Network-on-chip architectures for scalability and service guarantees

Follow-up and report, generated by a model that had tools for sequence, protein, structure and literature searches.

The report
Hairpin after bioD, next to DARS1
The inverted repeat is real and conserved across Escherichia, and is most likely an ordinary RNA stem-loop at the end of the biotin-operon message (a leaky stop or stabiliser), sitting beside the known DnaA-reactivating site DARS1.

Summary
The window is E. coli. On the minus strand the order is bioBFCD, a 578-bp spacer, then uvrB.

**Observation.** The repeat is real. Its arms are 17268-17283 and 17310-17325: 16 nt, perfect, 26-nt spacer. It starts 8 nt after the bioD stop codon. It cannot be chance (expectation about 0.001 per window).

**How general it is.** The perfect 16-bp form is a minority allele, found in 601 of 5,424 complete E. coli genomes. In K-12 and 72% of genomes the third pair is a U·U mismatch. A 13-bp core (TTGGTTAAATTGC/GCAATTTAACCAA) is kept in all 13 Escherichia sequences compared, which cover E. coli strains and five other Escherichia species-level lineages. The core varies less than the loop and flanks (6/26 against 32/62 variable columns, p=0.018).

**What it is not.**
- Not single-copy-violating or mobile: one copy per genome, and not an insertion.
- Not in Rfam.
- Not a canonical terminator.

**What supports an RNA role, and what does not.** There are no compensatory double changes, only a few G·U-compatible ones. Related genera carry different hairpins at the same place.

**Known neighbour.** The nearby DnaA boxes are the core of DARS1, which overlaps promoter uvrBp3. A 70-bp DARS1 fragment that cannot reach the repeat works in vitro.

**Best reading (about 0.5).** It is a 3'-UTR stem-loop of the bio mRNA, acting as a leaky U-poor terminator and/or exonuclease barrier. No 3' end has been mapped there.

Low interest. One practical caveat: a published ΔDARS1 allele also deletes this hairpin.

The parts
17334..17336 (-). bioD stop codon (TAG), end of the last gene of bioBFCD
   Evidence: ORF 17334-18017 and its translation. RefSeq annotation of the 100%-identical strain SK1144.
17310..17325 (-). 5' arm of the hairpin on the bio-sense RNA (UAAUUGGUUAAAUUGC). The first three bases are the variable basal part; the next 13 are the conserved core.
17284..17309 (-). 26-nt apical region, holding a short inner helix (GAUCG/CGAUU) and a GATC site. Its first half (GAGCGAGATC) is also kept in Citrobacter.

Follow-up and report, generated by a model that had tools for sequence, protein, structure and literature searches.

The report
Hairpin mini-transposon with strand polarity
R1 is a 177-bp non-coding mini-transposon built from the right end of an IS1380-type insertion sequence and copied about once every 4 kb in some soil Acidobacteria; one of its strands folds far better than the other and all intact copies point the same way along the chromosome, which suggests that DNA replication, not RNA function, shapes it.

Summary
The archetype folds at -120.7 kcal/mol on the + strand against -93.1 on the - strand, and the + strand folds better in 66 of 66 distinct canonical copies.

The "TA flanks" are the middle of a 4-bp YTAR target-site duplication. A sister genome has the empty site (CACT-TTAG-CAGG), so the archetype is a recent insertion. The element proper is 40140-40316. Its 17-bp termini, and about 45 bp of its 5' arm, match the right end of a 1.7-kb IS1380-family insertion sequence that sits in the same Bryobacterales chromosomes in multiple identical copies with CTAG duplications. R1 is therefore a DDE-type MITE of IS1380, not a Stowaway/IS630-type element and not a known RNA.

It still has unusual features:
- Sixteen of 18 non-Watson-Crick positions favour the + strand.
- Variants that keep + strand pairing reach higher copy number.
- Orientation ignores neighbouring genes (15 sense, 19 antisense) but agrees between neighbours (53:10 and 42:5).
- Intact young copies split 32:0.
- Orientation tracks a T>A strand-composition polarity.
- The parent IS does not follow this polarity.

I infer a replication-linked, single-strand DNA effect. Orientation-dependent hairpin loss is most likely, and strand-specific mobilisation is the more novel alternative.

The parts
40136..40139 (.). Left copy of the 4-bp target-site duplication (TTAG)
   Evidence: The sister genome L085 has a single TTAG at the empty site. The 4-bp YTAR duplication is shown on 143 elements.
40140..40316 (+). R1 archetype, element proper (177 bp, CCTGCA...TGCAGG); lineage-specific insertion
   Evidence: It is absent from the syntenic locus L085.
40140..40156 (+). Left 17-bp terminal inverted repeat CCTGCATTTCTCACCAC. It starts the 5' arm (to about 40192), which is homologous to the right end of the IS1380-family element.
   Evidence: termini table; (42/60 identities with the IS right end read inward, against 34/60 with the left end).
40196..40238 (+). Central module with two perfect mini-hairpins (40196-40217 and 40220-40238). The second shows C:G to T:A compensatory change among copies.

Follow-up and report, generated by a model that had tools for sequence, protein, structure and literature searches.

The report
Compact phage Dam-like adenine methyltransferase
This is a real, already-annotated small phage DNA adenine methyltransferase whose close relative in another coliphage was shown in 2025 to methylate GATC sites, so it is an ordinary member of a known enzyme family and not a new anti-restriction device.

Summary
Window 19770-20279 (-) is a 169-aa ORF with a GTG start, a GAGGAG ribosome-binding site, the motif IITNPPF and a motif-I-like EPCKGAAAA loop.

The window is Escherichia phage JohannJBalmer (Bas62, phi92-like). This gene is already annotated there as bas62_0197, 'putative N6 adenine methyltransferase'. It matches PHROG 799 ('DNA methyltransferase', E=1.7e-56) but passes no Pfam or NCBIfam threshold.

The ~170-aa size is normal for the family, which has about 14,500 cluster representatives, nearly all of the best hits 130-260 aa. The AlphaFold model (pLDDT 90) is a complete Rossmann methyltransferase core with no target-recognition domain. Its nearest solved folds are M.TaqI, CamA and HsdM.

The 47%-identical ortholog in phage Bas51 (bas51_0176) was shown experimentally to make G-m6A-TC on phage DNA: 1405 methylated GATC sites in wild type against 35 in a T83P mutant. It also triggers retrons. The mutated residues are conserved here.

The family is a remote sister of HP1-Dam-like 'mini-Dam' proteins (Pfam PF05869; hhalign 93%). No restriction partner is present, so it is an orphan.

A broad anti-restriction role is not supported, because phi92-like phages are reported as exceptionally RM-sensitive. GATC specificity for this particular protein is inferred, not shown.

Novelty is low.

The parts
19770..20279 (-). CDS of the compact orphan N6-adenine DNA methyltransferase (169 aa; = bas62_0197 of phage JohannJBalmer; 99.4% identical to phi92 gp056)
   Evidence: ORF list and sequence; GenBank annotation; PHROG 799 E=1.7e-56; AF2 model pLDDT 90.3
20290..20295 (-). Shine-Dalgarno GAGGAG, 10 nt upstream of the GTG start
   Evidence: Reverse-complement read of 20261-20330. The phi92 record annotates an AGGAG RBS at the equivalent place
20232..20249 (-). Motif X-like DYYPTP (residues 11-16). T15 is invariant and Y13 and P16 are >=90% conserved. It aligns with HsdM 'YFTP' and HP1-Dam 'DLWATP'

Rapidly increasing transistor densities have led to the emergence of richly-integrated substrates in the form of chip multiprocessors and systems-on-a-chip. These devices integrate a variety of discrete resources, such as processing cores and cache memories, on a single die with the degree of integration growing in accordance with Moore's law. In this dissertation, we address challenges of scalability and quality-of-service (QOS) in network architectures of highly-integrated chips. The proposed techniques address the principal sources of inefficiency in networks-on-chip (NOCs) in the form of performance, area, and energy overheads. We also present a comprehensive network architecture capable of interconnecting over a thousand discrete resources with high efficiency and strong guarantees. We first show that mesh networks, commonly employed in existing chips, fall significantly short of achieving their performance potential due to transient congestion effects that diminish network performance. Adaptive routing has the potential to improve performance through better load distribution. However, we find that existing approaches are myopic in that they only consider local congestion indicators and fail to take global network state into account. Our approach, called Regional Congestion Awareness (RCA), improves network visibility in adaptive routers via a light-weight mechanism for propagating and integrating congestion information. By leveraging both local and non-local congestion indicators, RCA improves network load balance and boosts throughput. Under a set of parallel workloads running on a 49-node substrate, RCA reduces on-chip network latency by 16%, on average, compared to a locally-adaptive router. Next, we target NOC latency and energy efficiency through a novel point-to-multipoint topology. Ring and mesh networks, favored in existing on-chip interconnects, often require packets to go through a number of intermediate routers between source and destination nodes, resulting in significant latency and energy overheads. Topologies that improve connectivity, such as fat tree and flattened butterfly, eliminate much of the router overhead, but require non-minimal channel lengths or large channel count, reducing energy-efficiency and/or performance as a result. We propose a new topology, called Multidrop Express Channels (MECS), that augments minimally-routed express channels with multi-drop capability. The resulting richly-connected NOC enjoys a low hop count with favorable delay and energy characteristics, while improving wire utilization over prior proposals. Applications such as virtualized servers-on-a-chip and real-time systems require chip-level quality-of-service (QOS) support to provide fairness, service differentiation, and guarantees. Existing network QOS approaches suffer from considerable performance and area overheads that limit their usefulness in a resource-limited on-die network. In this dissertation, we propose a new QOS scheme called Preemptive Virtual Clock (PVC). PVC uses a preemptive approach to provide hard guarantees and strong performance isolation while dramatically reducing queuing requirements that burden prior proposals. Finally, we introduce a comprehensive network architecture that overcomes the bottlenecks of earlier designs with respect to area, energy, and QOS in future highly-integrated chips. The proposed NOC uses a topology-centric QOS approach that restricts the extent of hardware QOS support to a fraction of the network without compromising guarantees. In doing so, network area and energy efficiency are significantly improved. Further improvements are derived through a novel flow-control mechanism, along with switch- and link-level optimizations. In concert, these techniques yield a network capable of interconnecting over a thousand terminals on a die while consuming 47% less area and 26% less power than a state-of-the-art QOS-enabled NOC. The mechanisms proposed in this dissertation are synergistic and enable efficient, high-performance interconnects for future chips integrating hundreds or thousands of on-die resources. They address deficiencies in routing, topologies, and flow control of existing architectures with respect to area, energy, and performance scalability. They also serve as a building block for cost-effective advanced services, such as QOS guarantees at the die level.